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Stay Frosty with ALIENS

December 24, 2011

As a Christmas present of sorts to myself, I decided my next review would be of one of my all-time favorites (of any genre), Aliens.

Getting the obvious out of the way, Aliens (1986) is the James Cameron-directed sequel to the Ridley Scott-directed Alien (1979). This is a huge movie, and I mean that in a few different ways. It was a smash hit, operating on a much grander scale than its predecessor and it ups the action, suspense, carnage and of course, the runtime.

Speaking of runtime, there are two cuts of this film, and while the original theatrical version is wonderful on its own, the 1992 Special Edition is Aliens at its most perfect. Clocking in at a whopping 154 minutes, this longer version of Aliens is completely without filler, a rarity for “extended cuts.” It’s a lean, mean two-and-a-half hours of “here comes the good part.”

Picking up more or less immediately where Alien left off. Aliens quickly reintroduces us to Ripley (Sigourney Weaver), drifting through space after outwitting the titular creature of the first film. What ensues is a nightmarish sequence of events that causes Ripley to face the terrors once more.

Taking into account that Scott’s Alien is pretty much a perfect film, and widely regarded as such, Cameron’s sequel had a tremendous degree of difficulty to overcome. Aside from following up a truly great film, the most imposing obstacle was creating a believable reason for Ripley to find herself among the xenomorphs again, as she obviously would have no realistic desire to do so.

How did Cameron maneuver through this crucial issue? He modeled the entire film as a post-Vietnam combat film a la Taxi Driver (1976), Platoon (1986) and even Rambo: First Blood Part II (1985), which happened to be co-written by Cameron.

Alien was Ripley’s Vietnam, and Cameron was going to make her relive the terror in Aliens. Ripley can be seen early in the film experiencing PTS syndrome-like nightmares, which subtly sets up her entire character arc for the film. The final stroke that really makes the story work involves Ripley agreeing to accompany a team of Marines back to LV-426 with the intent of exterminating the aliens. This opportunity to exorcise her demons coupled with the nightmares, makes Aliens seem like a natural – nay, necessary continuation of the first film. With the premise soundly established, all Cameron had to do was deliver on the action. Seeing as he already had The Terminator (1984) under his belt, I can’t imagine there was ever much doubt that this was going to work.

Wartime atrocity, another staple of the post-Vietnam combat film, was also given a treatment in the film when Ripley descended into the queen alien’s lair searching for Newt (Carrie Henn). The buildup begins with Ripley literally duct-taping a rifle to a flamethrower and erupts in a furious climax when she goes to town on the egg-filled lair, incinerating both grown and yet-unborn aliens.

Aliens is a superlative production from top to bottom, and this includes actor performance. Sigourney Weaver gives another memorable performance as Ripley and even earned a nomination for the Academy Award for Best Actress, something almost completely unheard of coming from a genre film. She didn’t win the Oscar but she did take home the Saturn Award from the Academy of Science Fiction, Fantasy & Horror Films.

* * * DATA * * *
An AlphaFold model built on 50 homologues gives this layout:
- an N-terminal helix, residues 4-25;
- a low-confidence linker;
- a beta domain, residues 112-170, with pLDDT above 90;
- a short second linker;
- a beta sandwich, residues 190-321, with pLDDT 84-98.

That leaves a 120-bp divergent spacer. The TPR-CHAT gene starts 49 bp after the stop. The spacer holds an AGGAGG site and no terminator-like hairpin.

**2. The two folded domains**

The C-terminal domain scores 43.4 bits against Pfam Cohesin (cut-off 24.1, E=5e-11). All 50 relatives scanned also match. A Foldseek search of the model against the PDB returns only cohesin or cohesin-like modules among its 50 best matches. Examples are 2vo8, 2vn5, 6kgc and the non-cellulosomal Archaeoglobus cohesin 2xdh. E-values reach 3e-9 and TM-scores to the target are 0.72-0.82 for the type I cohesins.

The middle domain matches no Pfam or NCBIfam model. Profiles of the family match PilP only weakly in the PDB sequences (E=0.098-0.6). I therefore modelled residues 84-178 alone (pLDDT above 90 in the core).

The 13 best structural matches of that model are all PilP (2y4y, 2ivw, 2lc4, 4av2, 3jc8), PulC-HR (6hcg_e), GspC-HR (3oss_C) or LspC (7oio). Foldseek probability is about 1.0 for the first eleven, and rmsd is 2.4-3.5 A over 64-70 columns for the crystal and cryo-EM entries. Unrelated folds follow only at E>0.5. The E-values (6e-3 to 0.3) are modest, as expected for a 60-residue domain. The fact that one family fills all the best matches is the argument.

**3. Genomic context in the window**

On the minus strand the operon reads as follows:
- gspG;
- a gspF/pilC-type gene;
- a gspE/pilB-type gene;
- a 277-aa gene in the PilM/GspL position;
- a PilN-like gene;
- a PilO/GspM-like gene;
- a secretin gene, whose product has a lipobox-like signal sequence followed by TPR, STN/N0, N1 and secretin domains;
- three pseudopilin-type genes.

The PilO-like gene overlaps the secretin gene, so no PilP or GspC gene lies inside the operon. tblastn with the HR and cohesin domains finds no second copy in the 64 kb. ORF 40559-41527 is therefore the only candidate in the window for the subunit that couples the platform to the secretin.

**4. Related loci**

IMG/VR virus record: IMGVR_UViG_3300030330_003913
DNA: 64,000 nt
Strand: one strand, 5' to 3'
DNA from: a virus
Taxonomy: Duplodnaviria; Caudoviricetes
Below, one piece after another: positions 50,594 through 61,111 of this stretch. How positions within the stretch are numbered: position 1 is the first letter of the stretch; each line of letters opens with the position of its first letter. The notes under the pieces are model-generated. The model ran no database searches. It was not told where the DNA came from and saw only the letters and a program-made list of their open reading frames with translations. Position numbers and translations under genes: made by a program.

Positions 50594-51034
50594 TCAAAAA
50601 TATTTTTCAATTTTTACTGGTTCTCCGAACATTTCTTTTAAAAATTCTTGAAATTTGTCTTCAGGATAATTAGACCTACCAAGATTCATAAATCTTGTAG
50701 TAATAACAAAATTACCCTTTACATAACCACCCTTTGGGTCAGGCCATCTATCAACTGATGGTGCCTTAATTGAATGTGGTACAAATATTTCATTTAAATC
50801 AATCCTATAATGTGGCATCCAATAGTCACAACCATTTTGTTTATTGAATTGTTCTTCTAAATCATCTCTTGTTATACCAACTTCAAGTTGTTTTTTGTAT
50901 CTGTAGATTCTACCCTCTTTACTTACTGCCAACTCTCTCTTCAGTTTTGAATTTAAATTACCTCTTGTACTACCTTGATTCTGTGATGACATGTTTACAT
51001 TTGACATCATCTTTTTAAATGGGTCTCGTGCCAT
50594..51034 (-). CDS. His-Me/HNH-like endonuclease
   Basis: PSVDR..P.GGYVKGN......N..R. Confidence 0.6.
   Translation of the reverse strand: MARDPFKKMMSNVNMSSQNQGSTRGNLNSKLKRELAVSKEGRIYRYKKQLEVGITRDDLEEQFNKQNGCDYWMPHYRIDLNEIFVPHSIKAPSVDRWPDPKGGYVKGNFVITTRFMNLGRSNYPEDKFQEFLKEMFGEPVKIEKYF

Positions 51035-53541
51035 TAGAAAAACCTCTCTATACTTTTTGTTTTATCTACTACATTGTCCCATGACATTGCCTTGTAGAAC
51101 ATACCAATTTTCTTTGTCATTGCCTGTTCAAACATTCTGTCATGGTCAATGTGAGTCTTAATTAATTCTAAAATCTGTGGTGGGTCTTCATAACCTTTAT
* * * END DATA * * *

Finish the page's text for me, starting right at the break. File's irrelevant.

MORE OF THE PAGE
Bill Paxton delivered the other most notable performance as Private Hudson. Hudson is a comical tough-talking man-child with no filter between brain and mouth, and Paxton plays it way over-the-top to great effect. Paxton is so good here that I roughly equate his performance to the masterwork of George C. Scott in Stanley Kubrick’s Dr. Strangelove (1964). I like to think that in some parallel universe, Paxton’s Hudson and Scott’s Buck Turgidson could do some seriously hilarious damage together in any military situation. As did Weaver, Paxton won a Saturn Award, for Best Supporting Actor.

The rest of the cast is quite good as well. Michael Biehn, Carrie Henn, Jeanette Goldstien and Lance Henriksen all turn in admirable performances. Even Paul Reiser, normally a comedic actor, has a great outing in one of his rare serious roles, playing the villainous Carter Burke (no relation).

Visually, Aliens serves up memorable and shocking imagery. This is not to say that it is particularly colorful. Avatar, this is not. However, the locales themselves practically become characters in the story. While the set designs are plenty original enough for my taste, I can’t help but be reminded at times of Star Wars: Episode V – The Empire Strikes Back (1980). The wasteland of LV-426 conjures images of Hoth the same way the gothic/industrial hell that is the queen’s lair evokes the carbon-freezing chamber deep in the bowels of Cloud City.

Praise of the set design doesn’t even touch on the greatest visual element of the film (and really, the entire Alien series); the alien itself. H.R. Giger, the Swiss surrealist painter is the man behind the creature design. Unlike Alien, which devoted very little screen-time to the creature, Aliens puts this wonderful creation on full display.

Aliens is a film that simply must be experienced by every film fan of any genre. It’s just that good. Though overshadowed among Cameron’s other popular works by such films as Titanic and Avatar, it probably stands as his best. Aliens is first-class entertainment and an example of surprisingly subtle filmmaking considering what an extravaganza it turns out to be.

Stop you grinnin’ and drop your linen.

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